Ashurst promotes 10 in Australia to partner

New dispute mechanism needed post-Brexit says Law Society... Singapore duo join international firm’'s partnership...

Ashurst promotes 10 in Australia to partner

The latest round of promotions at Ashurst has proven a good one for Australian lawyers.

Ten of the 24 new partners are in Australia while a further 3 are from elsewhere in Asia Pacific making a 54% share for the region. The other 46% are from Europe.

The new Australian partners are:
* Emma Butler, Digital Economy, Melbourne
* Camilla Clemente, Restructuring and Special Situations, Sydney
* Stuart D'Aloisio, IP/Media, Melbourne
* Karen Dwyer, Digital Economy, Sydney
* Justin Jones, Competition, Melbourne
* Krista Payne, Projects, Sydney
* Catherine Pedler, Dispute Resolution, Perth
* Caroline Smart, Global Markets, Sydney (not yet admitted in Australia, expected June 2018)
* Kathy Srdanovic, Employment, Sydney
* Sanjay Wavde, Tax, Sydney
 
"We have had another year of strong profitable growth and this has enabled us to make a significant number of promotions across our offices and practices,” commented managing partner Paul Jenkins. “I am also very pleased that we have exceeded our gender target for new partner promotions this year, which reflects the firm's focus on identifying, supporting and developing the pipeline of female leaders.”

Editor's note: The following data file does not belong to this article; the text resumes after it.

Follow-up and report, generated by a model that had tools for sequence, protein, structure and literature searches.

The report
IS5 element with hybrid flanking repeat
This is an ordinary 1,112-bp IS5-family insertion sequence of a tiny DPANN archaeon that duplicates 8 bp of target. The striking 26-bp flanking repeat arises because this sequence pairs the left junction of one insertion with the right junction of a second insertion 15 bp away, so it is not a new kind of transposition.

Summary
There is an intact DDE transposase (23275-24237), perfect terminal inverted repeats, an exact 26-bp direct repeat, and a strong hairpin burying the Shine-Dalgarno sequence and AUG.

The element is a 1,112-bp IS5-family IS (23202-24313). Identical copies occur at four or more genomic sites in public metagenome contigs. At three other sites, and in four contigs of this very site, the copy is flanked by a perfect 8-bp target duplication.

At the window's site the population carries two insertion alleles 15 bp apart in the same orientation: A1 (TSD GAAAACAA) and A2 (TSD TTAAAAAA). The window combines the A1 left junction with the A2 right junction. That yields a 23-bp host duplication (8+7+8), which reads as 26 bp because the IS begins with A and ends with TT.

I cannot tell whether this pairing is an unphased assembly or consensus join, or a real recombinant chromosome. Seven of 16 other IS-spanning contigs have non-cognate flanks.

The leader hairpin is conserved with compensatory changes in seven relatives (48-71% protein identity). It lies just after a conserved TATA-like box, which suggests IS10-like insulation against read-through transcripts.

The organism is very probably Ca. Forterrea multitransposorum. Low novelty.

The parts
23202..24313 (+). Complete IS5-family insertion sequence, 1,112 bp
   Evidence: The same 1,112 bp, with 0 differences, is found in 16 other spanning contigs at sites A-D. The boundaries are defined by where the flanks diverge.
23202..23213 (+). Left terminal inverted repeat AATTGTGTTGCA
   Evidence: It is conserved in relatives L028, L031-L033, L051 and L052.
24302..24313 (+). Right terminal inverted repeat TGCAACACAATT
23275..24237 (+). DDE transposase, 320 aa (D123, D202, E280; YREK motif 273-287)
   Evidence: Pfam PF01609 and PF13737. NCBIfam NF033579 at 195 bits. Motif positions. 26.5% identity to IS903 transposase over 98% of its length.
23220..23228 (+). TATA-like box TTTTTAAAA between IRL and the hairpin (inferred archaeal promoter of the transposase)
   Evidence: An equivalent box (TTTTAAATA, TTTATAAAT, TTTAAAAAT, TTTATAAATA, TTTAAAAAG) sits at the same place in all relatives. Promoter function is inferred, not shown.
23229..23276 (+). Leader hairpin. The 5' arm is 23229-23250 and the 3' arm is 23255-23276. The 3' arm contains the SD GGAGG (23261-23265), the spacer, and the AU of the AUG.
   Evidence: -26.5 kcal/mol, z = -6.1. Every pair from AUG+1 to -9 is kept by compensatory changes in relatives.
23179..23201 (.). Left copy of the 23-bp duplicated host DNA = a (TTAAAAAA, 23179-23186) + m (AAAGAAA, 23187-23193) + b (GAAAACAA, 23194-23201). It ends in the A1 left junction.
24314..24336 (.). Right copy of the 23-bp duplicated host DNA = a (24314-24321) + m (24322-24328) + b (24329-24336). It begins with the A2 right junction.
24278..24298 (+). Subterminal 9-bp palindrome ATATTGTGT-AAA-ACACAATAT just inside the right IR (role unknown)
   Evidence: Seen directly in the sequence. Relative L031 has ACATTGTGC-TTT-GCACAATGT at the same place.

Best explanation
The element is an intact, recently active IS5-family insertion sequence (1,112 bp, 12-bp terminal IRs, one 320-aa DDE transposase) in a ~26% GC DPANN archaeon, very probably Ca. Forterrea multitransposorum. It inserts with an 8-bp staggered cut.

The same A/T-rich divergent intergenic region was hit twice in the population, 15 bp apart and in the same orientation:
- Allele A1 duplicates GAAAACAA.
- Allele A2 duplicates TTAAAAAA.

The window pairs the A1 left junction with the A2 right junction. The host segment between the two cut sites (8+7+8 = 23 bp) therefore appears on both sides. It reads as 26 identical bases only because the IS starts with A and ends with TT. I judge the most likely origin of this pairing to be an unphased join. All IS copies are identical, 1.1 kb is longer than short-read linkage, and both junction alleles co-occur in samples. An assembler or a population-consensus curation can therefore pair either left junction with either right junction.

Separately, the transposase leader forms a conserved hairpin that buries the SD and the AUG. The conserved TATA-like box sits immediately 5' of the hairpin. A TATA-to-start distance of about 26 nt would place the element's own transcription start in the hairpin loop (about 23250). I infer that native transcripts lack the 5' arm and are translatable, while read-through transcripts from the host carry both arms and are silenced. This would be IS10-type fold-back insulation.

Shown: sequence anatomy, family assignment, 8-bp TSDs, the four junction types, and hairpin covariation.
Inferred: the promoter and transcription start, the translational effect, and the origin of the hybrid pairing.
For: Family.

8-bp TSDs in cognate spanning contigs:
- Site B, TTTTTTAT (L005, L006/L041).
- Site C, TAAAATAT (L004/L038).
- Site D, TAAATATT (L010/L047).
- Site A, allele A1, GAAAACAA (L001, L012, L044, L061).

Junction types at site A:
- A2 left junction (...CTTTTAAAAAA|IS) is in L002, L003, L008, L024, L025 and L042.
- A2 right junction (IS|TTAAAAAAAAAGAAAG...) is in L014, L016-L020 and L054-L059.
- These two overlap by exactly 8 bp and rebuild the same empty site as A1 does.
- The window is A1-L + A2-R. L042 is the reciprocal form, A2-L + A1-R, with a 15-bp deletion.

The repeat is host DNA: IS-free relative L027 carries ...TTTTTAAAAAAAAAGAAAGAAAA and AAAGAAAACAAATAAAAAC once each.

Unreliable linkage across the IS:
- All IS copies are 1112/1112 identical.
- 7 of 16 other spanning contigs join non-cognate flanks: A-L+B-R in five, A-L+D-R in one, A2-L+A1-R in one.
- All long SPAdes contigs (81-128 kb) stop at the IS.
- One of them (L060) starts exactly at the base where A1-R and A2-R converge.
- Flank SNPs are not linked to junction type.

New dispute mechanism needed post-Brexit says Law Society
With the UK’s withdrawal from the European Union edging ever-closer, the Law Society in England & Wales says there needs to be a new disputes mechanism.

“At the moment disputes are handled by the European Court of Justice (CJEU) and, as an EU member, we’ve had judges sitting in that court and UK lawyers representing clients,” said Law Society president Joe Egan.

But although the CJEU will remain in jurisdiction during any transition period, the Society says it should not have direct jurisdiction over UK-EU disputes because the UK will no longer have full participation in the court.

Instead, it says there should be a UK-based mechanism to handle disputes, perhaps based on the European Free Trade Area (EFTA) Court.

“The mechanism needs to apply right across the final deal. It should continue to grant access to individuals to enforce their rights and be there for business as well,” said Joe Egan.

The CJEU will no longer have supremacy over UK law when the country leaves the EU.

Singapore duo join international firm’s partnership
Two Singapore-based lawyers have joined the partnership of Simmons & Simmons, which has announced nine new partners.

Disputes lawyer Amanda Lees and financial markets lawyer Jonathan Quie both make partner in the largely-UK-based round of promotions.

 

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